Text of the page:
For the best and most effective changes in our education system we need a bottom up movement to improve Professional Development. We need to teach educators as adults who learn as adults learn. We need to respect them for who they are and what life experiences they bring to the table. We need to teach them things today that they can use in class tomorrow. We need to recognize their goals and help achieve them. We need to provide practical and relevant solutions to help their teaching as well as their learning. We need to provide coaches on the school staff to monitor guide and reflect along with our educators to reinforce and support their efforts.

Without a new and supportive approach to professional development for our educators, we will continue to struggle. After two centuries of a scattered approach to PD without consideration to adult learning, we are not far from where we were back in the 18th century with the exception maybe of improved bells and whistles. Educating educators in better ways and supporting that learning is the best and most effective way to improve the education of our children. Rather than standardize curriculum and testing, let us consider standardizing a thoughtful, supportive, national approach to professional development for educators. If we are to better educate our kids, we must first better educate their educators.

 

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Philosopher 2Often in teacher preparation classes students are asked to develop an education philosophy based on their course studies and observations, or student teaching experiences. For many of these students who go on the pursue careers in education, that might be the only time anyone asked for that philosophy. Of course the best time to develop any philosophy on one’s overall impact of a career may not be to do it before one enters and experiences the full force of that career over a period of time. This is a discussion I often had with my student teachers. They should develop an education philosophy, but it should never be etched in granite, especially with their limited teaching experiences. By the nature of the job, changes are to be inevitable, so self-reflection and flexibility are important elements that must be requirements of the profession at any level.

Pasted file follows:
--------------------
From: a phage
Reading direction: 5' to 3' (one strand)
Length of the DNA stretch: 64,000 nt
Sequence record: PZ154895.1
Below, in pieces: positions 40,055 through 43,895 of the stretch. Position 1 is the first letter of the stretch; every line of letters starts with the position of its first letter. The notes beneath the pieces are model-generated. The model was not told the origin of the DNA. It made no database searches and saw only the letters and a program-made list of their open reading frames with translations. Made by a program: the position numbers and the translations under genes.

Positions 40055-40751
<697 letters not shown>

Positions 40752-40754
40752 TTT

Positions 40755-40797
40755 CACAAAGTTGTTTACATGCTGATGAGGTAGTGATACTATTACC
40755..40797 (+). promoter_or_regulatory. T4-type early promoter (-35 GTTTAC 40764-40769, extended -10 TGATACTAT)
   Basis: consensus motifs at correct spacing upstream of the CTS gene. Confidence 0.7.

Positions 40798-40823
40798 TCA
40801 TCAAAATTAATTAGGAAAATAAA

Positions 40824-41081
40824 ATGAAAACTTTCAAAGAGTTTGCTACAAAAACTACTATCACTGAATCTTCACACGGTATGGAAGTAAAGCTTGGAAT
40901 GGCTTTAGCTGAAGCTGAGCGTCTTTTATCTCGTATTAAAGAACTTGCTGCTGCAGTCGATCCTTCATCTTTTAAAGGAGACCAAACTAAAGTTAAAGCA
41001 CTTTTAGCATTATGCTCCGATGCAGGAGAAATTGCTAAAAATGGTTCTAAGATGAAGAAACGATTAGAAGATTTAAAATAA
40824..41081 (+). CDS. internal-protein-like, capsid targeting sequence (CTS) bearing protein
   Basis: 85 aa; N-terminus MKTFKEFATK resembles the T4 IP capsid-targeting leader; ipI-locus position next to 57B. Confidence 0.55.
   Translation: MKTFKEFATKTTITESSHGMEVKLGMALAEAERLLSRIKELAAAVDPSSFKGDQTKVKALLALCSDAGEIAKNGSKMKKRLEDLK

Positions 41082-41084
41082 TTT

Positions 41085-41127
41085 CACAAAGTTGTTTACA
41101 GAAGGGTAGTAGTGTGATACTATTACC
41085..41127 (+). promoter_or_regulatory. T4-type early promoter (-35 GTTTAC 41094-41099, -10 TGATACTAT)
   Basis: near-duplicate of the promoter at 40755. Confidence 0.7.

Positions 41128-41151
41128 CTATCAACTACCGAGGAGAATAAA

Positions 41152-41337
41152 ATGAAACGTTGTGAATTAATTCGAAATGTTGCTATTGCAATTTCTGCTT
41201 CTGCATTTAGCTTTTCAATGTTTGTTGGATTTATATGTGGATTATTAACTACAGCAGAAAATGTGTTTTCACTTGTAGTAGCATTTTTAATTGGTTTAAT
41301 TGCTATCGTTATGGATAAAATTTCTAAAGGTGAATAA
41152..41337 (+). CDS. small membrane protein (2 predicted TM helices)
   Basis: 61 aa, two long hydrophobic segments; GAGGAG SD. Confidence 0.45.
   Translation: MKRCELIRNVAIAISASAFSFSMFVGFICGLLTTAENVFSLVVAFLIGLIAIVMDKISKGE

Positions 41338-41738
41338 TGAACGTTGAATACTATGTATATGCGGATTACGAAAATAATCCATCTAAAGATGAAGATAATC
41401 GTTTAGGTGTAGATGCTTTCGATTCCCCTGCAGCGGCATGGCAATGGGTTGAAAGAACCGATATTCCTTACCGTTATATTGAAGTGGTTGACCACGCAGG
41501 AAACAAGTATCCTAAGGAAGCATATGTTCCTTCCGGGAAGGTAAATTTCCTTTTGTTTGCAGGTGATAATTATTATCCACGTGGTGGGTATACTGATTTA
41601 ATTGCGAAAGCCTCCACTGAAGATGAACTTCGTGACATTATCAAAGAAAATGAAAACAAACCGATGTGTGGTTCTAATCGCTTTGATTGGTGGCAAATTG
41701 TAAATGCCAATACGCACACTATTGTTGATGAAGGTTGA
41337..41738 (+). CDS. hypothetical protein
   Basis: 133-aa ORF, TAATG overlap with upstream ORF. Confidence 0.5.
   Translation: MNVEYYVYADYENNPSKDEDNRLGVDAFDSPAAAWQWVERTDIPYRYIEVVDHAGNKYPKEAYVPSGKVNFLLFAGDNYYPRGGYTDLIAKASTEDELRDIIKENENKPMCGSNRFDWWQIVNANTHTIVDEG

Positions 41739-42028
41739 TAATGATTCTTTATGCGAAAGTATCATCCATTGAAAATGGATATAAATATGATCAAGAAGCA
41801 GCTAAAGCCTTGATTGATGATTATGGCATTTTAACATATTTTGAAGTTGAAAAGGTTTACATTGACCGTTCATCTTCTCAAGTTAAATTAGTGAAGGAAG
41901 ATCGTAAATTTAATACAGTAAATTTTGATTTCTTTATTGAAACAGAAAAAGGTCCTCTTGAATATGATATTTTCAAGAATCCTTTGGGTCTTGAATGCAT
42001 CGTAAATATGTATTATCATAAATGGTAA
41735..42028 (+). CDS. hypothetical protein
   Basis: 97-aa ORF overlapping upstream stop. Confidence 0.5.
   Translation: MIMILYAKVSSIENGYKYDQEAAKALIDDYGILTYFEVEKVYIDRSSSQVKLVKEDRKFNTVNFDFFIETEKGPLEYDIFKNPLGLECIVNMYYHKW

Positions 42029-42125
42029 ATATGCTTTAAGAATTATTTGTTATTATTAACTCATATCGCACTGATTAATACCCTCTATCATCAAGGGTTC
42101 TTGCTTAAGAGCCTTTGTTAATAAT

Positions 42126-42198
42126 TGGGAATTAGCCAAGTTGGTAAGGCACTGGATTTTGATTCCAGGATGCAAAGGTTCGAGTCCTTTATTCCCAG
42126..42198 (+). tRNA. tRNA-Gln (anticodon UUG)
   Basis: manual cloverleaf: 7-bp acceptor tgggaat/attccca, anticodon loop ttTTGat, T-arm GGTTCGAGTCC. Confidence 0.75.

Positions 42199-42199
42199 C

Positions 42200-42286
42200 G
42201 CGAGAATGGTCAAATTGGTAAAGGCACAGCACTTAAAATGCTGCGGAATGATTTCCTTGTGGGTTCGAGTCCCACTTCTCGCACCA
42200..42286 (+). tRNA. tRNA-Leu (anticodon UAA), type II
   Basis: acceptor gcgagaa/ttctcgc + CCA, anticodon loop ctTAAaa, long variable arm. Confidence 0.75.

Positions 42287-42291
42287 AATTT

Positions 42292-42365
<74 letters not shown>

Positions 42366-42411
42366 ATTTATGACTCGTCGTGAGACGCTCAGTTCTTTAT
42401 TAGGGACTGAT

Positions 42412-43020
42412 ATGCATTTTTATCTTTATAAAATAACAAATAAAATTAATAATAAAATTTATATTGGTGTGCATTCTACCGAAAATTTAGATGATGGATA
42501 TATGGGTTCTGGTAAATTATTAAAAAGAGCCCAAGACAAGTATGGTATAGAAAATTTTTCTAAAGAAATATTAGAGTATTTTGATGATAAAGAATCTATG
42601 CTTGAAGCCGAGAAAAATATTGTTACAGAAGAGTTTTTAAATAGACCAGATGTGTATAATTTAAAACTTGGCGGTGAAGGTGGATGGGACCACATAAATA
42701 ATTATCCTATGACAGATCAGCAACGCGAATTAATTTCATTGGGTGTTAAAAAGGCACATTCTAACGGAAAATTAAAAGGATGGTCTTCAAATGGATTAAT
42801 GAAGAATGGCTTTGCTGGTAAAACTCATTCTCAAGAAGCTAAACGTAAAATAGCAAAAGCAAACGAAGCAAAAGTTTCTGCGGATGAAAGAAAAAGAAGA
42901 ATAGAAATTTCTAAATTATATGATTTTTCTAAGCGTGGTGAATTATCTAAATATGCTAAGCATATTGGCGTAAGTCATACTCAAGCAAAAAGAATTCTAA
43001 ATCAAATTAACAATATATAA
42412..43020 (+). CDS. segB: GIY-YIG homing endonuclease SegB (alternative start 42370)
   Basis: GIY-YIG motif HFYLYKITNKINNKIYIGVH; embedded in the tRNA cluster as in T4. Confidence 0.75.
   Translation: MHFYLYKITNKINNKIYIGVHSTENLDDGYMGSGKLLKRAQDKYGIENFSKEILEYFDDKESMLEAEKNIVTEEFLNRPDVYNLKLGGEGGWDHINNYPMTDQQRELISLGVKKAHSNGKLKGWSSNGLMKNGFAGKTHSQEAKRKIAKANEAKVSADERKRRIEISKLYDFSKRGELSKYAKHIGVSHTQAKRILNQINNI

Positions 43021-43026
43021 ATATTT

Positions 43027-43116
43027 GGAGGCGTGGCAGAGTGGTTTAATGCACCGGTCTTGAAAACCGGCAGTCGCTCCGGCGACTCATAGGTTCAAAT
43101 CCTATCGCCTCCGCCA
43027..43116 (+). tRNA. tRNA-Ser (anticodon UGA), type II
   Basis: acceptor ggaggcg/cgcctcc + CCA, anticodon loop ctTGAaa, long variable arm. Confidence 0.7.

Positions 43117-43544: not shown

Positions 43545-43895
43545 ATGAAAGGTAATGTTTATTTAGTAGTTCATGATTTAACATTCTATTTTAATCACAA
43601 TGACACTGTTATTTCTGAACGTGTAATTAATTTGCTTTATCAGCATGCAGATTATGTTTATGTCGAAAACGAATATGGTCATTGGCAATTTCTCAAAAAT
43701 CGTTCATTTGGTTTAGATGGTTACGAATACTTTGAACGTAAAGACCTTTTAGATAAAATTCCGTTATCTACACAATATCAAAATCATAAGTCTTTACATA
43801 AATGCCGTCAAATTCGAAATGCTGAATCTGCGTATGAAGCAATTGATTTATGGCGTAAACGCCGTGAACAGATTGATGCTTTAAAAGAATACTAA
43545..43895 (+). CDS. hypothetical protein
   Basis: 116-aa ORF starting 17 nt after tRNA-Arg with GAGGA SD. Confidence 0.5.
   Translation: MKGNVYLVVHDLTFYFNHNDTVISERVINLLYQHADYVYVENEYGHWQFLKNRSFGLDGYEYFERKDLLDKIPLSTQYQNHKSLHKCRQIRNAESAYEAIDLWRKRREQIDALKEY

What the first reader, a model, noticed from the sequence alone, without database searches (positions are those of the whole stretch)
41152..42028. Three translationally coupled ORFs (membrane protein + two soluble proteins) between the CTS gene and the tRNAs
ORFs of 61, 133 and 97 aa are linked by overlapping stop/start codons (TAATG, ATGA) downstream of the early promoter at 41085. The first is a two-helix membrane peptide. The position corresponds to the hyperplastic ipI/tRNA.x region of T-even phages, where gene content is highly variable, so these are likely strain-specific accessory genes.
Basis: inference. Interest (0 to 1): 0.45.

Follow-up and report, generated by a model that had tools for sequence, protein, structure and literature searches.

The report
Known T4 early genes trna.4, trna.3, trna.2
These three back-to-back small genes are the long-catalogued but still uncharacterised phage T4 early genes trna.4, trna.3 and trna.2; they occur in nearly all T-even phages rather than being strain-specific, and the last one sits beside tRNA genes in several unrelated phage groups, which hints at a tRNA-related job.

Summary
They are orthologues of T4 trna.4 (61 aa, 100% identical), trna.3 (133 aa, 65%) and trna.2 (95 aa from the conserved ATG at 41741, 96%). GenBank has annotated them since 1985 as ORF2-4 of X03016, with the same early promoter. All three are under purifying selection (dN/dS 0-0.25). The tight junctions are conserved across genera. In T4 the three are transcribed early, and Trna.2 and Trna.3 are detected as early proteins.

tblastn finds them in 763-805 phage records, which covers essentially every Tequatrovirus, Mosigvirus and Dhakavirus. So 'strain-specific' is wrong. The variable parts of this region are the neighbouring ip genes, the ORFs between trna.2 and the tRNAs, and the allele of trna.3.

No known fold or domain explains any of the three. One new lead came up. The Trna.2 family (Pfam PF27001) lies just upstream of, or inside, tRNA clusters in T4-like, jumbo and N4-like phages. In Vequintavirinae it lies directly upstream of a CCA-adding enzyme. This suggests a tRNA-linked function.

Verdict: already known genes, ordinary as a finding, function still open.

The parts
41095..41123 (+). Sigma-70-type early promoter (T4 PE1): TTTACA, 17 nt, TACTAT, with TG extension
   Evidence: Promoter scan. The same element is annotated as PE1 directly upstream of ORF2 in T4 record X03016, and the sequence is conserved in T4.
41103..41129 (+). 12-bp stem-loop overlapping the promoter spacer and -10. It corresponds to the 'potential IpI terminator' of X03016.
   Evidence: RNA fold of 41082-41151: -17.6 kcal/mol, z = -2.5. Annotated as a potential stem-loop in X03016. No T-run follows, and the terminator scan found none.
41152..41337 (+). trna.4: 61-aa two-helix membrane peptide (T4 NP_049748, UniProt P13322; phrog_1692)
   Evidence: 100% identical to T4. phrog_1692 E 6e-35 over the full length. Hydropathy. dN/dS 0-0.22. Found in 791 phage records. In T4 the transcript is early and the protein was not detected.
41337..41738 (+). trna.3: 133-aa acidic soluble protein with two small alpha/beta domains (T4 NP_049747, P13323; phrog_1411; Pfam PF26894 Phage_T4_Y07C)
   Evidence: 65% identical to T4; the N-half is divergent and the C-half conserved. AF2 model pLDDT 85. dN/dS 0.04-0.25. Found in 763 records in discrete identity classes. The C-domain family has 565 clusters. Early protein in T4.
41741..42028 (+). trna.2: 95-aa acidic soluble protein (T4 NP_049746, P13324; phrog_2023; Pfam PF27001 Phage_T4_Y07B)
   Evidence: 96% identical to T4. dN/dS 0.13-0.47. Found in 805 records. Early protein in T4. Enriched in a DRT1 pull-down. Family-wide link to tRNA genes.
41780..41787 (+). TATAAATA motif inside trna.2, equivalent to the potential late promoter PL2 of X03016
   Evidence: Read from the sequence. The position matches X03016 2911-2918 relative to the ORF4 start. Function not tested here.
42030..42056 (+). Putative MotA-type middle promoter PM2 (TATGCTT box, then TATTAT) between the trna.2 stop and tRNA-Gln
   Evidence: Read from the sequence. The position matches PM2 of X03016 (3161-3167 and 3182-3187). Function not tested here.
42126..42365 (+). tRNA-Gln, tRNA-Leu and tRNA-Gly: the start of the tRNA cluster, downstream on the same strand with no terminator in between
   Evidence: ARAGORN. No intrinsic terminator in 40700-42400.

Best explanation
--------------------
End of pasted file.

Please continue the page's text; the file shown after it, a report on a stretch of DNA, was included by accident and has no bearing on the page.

The reality however, is that aside from possibly in a job interview; few educators are ever asked about their personal education philosophy. This might be because it must require more than just a “Feel Good” one-sentence cliché. Education, which involves teaching and learning, is far more complicated than one sentence can explain.

I always felt that there were at least three factors affecting my education philosophy: my personal experiences, the culture of the school in which I taught, and prevailing education thought leadership. My ability to affect any of these three factors was limited but possible with some effort and more often work. The biggest deterrent is the time need to do this.

However, if I viewed my career as a passive experience, my education philosophy would be “catch as catch can”. I could go along with the status quo, making few waves and little innovation. I could simply follow directives, “go along to get along”, and limit my professional development to whatever my school prescribed.

The alternative however would take more effort and consequently it would be more work and time. I could reflect on my students’ summative assessments to adjust my methodology and seek to improve it, or abandon parts of it altogether. This would establish my choices for effective methodology.